Back in the mid-90s, Apple was in trouble. It was in a lot of trouble - some of us didn't realize how close the company was to the precipice until years later. We all know how the story turned out: Apple bought Next, Steve Jobs returned, phenomenal products were introduced, then the iPhone, and the iPad, and boom - most profitable tech company in the world. While Apple struggled, a fierce group of Apple loyalists became feared by pundits, analysts and journalists alike, because if you dared say anything critical about Apple, they'd come out with fangs bared and claws sharpened. It's not so bad now, but Apple sites are the ones to have become besieged by folks from other camps who exhibit some of the same behavior.
But before that happened, Apple users were besieged. Mac users in corporate environments got a lot of pressure from IT and management to get rid of their Macs and replace them with commodity PCs.
Macs were on their way out, we were told. You have to get used to Windows.
But we knew Macs were better. We knew it in our hearts. So we defended them. Fiercely.
Yes, I admit it. I was one of those people. I'm not. I haven't been in a very long time. But I was.
The rise of the faithful
For a while, Apple capitalized on that, and returned Guy Kawasaki, the company's first evangelist, back to the fold. They produced marketing materials to explain why the Mac was better; all you had to do was drop Guy a line by email and a week or two later you'd get a box filled with glossy fliers, Apple decals and other paraphernalia to properly arm yourself as a Mac fanatic.
Mac users were always fiercely protective of their turf, but Apple continued to slip into irrelevance - thanks mainly to the bumbling incompetence of its own senior management, which flooded the market with utterly forgettable beige boxes and did little to differentiate them or the Macintosh user experience.
Thus began the legend of the Apple Faithful. Mac users who would come running to the aid of Apple, unbidden or not, to fiercely protect the honor of their platform of choice. To educate, and to occasionally berate the unconverted for their ignorance.
Thank goodness, then, for the return of Steve Jobs. Jobs brought the company back from the brink, established a simple-to-understand four-product matrix - (iBook, iMac, PowerBook, Power Mac) and forged ahead with the transition from "Classic" Mac OS to OS X.
Things changed dramatically in 2007 when Apple extended itself from a computer company to a phone maker. The iPhone changed everything. And when I say everything, I mean everything. Within a very short period, the iPhone became a curiosity to Apple's chief moneymaker.
Nowadays, the Mac is a sideline business for Apple. Still incremental, and still an important line item that brings in a lot of capital, but it's not the star of the show - iPhone and iPad is. iOS products make up the vast bulk of Apple's quarterly revenue numbers.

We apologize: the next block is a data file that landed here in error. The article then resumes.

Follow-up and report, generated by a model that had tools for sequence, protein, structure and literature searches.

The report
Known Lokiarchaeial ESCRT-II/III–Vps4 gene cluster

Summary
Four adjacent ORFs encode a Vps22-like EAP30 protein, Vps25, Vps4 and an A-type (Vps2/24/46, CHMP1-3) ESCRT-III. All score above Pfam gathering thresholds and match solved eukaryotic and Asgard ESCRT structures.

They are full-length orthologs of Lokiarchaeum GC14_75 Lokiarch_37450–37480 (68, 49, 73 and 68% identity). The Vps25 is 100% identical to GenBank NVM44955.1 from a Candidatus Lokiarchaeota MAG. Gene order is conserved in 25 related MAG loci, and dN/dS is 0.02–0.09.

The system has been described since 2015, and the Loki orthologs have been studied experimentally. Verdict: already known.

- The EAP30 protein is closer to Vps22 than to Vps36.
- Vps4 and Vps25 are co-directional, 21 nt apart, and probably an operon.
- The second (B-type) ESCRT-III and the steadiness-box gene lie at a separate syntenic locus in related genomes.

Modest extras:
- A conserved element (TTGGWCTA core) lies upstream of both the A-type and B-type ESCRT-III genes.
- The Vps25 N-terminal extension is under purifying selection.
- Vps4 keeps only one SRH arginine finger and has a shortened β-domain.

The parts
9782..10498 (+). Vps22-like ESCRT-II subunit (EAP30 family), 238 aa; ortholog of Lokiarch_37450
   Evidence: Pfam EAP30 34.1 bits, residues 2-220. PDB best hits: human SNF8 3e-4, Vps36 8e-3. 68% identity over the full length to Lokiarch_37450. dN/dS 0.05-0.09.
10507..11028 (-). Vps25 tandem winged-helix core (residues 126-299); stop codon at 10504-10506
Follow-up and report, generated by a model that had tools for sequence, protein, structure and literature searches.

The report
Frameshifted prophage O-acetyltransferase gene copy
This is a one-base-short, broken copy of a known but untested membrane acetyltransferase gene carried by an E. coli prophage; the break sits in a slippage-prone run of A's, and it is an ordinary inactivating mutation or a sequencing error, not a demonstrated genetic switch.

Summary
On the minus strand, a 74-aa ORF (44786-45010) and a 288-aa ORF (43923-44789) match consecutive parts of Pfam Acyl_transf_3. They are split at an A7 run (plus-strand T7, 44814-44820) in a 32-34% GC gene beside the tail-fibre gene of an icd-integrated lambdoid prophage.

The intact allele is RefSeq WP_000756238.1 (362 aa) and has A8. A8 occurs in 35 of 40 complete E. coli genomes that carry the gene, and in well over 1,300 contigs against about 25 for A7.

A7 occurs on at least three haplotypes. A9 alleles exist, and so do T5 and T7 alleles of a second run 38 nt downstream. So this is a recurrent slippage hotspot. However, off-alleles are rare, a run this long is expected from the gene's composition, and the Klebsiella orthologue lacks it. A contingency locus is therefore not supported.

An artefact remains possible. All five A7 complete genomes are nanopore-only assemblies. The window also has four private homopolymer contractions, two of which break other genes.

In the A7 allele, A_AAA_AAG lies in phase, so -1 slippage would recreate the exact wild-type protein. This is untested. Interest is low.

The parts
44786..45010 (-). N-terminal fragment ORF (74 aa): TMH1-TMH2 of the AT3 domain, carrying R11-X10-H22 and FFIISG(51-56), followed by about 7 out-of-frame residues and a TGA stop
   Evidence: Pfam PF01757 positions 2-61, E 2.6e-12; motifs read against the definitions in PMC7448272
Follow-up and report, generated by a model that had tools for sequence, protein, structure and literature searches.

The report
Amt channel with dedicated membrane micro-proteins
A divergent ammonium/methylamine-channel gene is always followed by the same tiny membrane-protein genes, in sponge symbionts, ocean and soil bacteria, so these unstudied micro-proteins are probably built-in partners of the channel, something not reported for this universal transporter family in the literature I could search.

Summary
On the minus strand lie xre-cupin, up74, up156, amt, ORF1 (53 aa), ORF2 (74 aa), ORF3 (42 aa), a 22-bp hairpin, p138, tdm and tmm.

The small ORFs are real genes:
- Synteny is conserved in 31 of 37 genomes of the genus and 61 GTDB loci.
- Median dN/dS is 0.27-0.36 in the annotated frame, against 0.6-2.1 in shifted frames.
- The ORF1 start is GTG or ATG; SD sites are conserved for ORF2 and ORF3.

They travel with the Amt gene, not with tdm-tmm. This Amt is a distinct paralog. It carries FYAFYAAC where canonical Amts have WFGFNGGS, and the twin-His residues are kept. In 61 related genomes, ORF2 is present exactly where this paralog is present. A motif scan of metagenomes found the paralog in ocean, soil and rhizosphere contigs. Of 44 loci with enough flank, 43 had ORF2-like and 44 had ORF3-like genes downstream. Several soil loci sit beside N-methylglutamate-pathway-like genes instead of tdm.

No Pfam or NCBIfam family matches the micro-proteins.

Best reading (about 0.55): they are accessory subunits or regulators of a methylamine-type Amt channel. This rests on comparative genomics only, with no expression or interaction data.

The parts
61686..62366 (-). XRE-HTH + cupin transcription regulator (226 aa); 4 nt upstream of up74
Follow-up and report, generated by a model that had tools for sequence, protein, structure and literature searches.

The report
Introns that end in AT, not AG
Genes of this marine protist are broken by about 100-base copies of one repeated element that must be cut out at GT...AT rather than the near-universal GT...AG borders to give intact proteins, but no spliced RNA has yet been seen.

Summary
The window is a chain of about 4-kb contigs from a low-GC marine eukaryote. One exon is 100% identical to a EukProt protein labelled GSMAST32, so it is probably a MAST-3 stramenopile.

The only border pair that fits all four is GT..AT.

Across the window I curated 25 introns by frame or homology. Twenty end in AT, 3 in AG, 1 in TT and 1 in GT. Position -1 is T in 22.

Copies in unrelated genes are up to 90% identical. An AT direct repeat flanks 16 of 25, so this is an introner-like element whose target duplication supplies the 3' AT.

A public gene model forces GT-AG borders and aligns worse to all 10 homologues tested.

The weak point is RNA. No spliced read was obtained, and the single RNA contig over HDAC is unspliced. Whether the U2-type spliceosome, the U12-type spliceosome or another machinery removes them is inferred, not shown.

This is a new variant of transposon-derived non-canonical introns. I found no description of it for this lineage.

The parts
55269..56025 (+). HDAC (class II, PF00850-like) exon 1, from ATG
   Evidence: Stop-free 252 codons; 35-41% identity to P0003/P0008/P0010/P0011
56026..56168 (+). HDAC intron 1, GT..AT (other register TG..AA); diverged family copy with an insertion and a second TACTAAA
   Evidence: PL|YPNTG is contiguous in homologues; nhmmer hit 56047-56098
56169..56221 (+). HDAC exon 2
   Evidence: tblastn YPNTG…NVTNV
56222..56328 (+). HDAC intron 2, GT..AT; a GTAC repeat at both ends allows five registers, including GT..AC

Apple's business has changed radically over the years. While there's still a core cadre of people who would tell you that they "bleed Apple colors" when cut, the vast majority of people who buy Mac and iOS products are just regular consumers. They may like their Apple products a great deal - they may even recommend them to friends and family - but they're not evangelists for the Apple brand.
They're not the Apple Faithful.
And that's a good thing. Pundits are too quick to haul out the Apple Faithful dog whistle every chance they get. But at this point, it's a manipulation to draw hits from the true core of Apple enthusiasts that are instantly attracted to any controversy surrounding their favorite technology company.
But Apple doesn't need those people anymore. Apple's moved far beyond that core group of Apple enthusiasts to become a consumer electronics company with mainstream appeal.
And you still see some of the old flame wars pop up from time to time - check any PC game discussion forum when anyone asks about a Mac version. They'll be set upon like a Swedish skinny dipper in a pond laden with pacu.
Turnabout is fair play
An interesting thing has happened along the way, too: Android fans have suddenly replaced Mac users as the aggrieved party. It seems that wherever iPhone users congregate, you can be counted on for an Android user to appear, unbidden.
They laud Google's development efforts, then crow about the openness of the Android ecosystem, and compare favorably their phone's feature list and capabilities to the iPhone.
Then they'll excoriate Apple for a long list of perceived failures ranging from the factory conditions of its suppliers to battery life to screen size. Or they'll just philosophically argue the detriments of the "walled garden" approach to software publication that Apple's created for the App Store.
If Android were under siege, I could certainly understand their evangelism. But it isn't.
As any self-respecting Android fan is quick to tell you, Android phones outsell iPhones by a dramatic percentage (though as percentage of sales by any single vendor, Apple does very well, typically only outsold by Samsung). It's not like Google, Samsung or anyone else associated with the Android ecosystem is under siege from anyone.
It doesn't appear that Android enthusiasts are really active evangelists for their platform - their general demeanor is focused less on educating or proselytizing and more on provoking. Rattling the bars of the Apple monkey cage.
I know a lot of it is just how the Internet has evolved - we've become a culture of trolls. But in the back of my mind, I can't help that it's a bit of karmic payback for Apple fans being such jerks for so long.
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